Another Study Confirms Airborne Nature of Coronavirus

According to a study published in the JAMA Internal Medicine, an unsuspecting Coronavirus positive individual had unwittingly infected around two-dozen people on a poorly ventilated Chinese bus.

The infected person with a group of people had embarked on a 50-minute bus ride to make his way to a Buddhist event in the eastern Chinese city Ningbo in January. It must be noted that till this time, the Chinese government hadn’t made the facemasks wearing mandatory despite the Coronavirus outbreak in Wuhan in December 2019.


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Out of 68 total passengers on the bus, 23 contracted the Coronavirus from the asymptomatic individual and later tested positive for the disease.

The study attributes the spread of infection in the bus to poor air conditioning which simply recirculated air inside the bus.

The investigation suggests that, in closed environments with air recirculation, SARS-CoV-2 is a highly transmissible pathogen.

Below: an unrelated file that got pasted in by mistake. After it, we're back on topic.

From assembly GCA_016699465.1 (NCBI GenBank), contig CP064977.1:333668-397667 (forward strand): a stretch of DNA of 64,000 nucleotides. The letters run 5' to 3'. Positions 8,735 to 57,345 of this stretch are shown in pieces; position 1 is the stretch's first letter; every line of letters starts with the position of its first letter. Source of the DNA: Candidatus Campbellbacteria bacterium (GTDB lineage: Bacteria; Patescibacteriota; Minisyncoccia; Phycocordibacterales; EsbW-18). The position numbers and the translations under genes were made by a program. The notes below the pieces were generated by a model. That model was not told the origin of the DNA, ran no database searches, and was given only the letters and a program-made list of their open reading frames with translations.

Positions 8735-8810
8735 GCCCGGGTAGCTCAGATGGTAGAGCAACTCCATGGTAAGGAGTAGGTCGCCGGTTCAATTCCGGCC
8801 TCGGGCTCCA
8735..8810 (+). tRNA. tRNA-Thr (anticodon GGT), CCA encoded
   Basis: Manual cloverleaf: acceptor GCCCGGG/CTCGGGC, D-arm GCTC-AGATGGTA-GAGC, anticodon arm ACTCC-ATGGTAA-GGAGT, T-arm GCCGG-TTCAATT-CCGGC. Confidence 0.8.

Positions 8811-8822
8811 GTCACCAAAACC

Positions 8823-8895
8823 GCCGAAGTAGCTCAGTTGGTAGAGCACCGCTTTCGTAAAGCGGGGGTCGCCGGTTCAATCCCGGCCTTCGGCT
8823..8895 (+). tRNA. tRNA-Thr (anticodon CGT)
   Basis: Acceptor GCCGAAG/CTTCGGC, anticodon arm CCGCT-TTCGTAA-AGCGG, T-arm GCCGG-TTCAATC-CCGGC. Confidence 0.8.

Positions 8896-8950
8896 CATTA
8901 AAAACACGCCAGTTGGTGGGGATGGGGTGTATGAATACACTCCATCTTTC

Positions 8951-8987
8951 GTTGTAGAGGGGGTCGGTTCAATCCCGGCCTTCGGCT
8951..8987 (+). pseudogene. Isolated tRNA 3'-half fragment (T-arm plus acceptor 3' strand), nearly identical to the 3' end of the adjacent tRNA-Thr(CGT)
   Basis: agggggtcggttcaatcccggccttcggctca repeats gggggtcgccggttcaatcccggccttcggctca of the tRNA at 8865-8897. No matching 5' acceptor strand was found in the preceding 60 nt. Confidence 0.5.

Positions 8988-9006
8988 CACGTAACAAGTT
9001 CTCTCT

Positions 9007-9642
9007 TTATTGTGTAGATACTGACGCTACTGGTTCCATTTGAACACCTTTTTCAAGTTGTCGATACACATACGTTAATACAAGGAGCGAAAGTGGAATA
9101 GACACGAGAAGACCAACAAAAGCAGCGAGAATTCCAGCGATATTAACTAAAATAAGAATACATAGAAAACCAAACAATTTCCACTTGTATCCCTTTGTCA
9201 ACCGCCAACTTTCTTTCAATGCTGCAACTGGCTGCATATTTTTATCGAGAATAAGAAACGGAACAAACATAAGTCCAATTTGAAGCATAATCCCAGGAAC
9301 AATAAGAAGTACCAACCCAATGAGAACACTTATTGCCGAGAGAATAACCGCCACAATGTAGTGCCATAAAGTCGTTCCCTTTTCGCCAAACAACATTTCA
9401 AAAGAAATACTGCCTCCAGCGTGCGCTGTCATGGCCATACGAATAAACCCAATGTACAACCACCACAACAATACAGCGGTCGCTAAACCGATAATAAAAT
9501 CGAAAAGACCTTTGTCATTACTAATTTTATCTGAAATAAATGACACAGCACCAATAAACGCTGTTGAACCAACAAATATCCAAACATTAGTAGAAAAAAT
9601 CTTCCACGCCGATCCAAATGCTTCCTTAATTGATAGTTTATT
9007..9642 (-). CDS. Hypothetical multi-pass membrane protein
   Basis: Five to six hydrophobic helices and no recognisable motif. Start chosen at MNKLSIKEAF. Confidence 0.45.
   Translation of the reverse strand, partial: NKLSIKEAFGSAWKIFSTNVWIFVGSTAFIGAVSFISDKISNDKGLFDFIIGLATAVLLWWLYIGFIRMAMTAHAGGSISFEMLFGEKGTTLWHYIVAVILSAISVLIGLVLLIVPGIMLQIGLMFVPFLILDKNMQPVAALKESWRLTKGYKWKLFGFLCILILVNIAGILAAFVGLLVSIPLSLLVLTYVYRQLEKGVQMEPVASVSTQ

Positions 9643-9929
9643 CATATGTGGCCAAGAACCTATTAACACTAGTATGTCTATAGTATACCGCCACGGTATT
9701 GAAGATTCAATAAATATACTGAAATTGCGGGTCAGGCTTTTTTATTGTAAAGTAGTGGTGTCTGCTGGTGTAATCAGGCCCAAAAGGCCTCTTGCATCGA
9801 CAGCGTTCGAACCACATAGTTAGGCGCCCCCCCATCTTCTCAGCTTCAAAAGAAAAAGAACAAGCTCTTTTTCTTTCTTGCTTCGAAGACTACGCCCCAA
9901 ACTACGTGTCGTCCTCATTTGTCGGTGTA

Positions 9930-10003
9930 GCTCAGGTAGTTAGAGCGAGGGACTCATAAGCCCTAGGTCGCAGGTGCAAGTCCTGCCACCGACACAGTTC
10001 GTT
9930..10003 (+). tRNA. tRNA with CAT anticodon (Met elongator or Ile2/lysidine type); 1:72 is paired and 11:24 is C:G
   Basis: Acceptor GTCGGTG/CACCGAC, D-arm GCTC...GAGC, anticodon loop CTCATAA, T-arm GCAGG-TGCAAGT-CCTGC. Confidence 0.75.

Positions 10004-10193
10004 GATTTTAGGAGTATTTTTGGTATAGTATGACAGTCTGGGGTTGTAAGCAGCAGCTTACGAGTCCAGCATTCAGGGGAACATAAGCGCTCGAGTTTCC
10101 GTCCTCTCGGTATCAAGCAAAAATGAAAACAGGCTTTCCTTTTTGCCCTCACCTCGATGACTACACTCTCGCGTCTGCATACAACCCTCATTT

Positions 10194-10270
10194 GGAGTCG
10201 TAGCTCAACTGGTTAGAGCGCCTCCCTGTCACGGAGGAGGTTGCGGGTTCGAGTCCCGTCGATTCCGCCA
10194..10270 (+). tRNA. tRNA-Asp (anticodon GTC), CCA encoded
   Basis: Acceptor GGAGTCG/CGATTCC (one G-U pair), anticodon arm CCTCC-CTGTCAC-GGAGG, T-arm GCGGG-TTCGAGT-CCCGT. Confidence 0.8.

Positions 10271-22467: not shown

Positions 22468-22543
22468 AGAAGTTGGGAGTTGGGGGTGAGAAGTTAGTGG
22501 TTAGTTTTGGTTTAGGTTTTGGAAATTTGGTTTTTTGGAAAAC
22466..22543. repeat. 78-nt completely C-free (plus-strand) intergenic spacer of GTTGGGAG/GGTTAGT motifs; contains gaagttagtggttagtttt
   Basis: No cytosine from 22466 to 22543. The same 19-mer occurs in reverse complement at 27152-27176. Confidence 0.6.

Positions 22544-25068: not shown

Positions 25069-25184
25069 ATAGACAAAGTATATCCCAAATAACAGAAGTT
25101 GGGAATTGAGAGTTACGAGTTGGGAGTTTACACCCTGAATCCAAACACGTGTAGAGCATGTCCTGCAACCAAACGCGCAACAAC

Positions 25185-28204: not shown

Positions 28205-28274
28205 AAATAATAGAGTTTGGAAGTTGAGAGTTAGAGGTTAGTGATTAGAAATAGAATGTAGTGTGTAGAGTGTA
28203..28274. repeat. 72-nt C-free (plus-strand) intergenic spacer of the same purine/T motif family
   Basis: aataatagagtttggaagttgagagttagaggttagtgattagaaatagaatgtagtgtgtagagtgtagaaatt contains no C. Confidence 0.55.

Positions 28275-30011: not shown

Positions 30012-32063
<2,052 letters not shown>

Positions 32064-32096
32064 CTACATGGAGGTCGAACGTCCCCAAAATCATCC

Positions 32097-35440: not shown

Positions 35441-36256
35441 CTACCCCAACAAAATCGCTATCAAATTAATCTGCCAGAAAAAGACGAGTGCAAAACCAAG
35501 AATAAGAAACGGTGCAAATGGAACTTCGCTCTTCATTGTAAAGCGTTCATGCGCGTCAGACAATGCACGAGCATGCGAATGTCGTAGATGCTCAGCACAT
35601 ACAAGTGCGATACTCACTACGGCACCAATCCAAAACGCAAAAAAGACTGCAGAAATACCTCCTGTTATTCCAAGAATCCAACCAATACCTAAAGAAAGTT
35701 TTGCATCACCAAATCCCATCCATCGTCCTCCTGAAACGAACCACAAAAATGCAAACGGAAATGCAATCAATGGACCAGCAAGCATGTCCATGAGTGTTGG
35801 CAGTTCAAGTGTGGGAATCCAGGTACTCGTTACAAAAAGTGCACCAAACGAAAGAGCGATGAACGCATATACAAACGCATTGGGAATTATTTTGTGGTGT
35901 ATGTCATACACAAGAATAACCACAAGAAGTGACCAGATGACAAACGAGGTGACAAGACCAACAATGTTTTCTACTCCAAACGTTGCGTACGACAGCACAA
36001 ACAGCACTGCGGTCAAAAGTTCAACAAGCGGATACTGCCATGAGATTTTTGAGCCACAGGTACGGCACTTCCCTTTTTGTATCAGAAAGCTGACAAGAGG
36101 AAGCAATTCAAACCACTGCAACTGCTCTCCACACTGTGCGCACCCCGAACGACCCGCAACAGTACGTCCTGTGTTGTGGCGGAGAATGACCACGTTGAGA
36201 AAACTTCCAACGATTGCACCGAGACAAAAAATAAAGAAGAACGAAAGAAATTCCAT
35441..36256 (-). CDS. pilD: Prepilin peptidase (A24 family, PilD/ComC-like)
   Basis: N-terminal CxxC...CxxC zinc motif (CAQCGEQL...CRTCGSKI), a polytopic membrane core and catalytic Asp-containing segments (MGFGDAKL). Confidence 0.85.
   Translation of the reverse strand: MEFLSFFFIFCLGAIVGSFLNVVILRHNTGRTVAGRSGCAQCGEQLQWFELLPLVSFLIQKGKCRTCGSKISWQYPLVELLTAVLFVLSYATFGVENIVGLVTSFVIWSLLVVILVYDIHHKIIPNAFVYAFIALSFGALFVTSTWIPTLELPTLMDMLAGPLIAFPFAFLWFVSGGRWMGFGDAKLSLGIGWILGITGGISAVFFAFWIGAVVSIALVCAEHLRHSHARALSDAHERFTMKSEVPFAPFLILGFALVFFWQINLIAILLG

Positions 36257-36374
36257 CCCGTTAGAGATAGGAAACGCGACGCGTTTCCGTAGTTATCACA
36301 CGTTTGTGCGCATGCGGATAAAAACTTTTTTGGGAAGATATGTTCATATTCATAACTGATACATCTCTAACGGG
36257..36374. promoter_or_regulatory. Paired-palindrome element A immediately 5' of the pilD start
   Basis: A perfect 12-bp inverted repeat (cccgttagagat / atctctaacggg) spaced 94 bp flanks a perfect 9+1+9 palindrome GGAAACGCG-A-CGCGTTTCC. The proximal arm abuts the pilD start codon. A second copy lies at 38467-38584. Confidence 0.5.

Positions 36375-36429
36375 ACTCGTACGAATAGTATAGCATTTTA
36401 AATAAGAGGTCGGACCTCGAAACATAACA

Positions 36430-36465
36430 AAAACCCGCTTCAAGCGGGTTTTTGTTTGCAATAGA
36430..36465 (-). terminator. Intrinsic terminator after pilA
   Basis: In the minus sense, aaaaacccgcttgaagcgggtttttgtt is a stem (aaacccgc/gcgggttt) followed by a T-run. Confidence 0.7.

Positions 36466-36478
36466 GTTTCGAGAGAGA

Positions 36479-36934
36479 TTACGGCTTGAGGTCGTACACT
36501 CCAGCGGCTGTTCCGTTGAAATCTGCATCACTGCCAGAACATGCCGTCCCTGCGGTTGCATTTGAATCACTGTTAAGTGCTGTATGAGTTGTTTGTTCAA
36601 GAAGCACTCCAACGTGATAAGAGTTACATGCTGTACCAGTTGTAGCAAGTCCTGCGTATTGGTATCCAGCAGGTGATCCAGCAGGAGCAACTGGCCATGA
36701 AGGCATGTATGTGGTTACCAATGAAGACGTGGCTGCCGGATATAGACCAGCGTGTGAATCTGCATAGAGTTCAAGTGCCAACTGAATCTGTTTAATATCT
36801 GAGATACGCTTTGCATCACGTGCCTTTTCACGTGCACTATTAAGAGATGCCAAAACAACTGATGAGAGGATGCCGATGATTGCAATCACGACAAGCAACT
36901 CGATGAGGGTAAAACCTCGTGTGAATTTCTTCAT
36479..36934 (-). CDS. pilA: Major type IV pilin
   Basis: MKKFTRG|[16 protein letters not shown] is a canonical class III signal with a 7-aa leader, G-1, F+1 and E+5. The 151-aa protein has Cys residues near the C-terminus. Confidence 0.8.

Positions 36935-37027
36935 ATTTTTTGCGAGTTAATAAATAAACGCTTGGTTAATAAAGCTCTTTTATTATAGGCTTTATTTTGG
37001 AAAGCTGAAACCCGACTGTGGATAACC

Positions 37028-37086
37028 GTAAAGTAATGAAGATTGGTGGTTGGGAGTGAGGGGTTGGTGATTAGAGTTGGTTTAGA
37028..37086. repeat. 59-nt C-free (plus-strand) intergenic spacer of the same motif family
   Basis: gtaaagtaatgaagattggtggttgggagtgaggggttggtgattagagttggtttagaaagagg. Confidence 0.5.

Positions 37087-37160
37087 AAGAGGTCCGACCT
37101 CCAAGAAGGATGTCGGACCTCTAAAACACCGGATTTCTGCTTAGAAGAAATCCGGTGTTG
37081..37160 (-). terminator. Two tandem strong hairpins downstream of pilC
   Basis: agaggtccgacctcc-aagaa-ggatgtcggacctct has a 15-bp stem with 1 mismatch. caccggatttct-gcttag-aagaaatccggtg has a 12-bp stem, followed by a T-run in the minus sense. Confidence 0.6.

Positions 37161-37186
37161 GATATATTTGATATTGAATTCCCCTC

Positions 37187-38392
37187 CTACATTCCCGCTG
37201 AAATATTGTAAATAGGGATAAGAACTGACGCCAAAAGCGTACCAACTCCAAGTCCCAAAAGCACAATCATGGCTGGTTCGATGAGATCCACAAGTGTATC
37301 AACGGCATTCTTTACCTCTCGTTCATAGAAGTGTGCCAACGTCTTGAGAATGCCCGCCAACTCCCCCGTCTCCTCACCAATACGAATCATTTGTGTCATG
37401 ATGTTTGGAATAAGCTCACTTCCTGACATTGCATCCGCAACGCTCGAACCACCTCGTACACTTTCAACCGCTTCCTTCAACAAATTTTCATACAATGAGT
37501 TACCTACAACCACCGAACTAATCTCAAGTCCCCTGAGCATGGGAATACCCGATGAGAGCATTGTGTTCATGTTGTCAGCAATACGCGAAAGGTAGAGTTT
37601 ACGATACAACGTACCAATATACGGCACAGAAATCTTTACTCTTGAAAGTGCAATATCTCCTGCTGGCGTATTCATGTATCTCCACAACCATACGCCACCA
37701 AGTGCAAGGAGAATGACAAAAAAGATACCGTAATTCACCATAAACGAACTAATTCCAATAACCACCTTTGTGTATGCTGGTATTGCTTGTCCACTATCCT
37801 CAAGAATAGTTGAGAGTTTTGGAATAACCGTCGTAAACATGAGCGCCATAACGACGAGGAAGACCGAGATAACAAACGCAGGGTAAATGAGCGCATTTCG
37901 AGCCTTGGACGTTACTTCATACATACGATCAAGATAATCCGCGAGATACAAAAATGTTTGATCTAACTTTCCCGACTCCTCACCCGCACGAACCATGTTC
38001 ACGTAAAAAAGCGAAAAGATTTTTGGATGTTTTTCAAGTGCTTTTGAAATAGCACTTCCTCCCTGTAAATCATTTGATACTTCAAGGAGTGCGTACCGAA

In April, another research study published in the Emerging Infectious Diseases had revealed that 9 people in Guangzhou, China, in January contracted the Coronavirus as a result of recirculation of the same infected air in a restaurant.

The same month, Hong Kong researchers had claimed that the Coronavirus can spread through air particles exhaled by an infected person during normal breathing and talking as well.


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Three months later, British researchers had concluded that air recirculation in poorly ventilated environments proves conducive to the transmission of Coronavirus.

With adequate corroborating evidence at hand, 239 scientists hailing from 32 countries in early July had urged the World Health Organization (WHO) to revise its airborne recommendations regarding Coronavirus.

On 9 July, the Geneva-based WHO had revised its COVID-19 airborne recommendations, declaring it as an airborne affliction.



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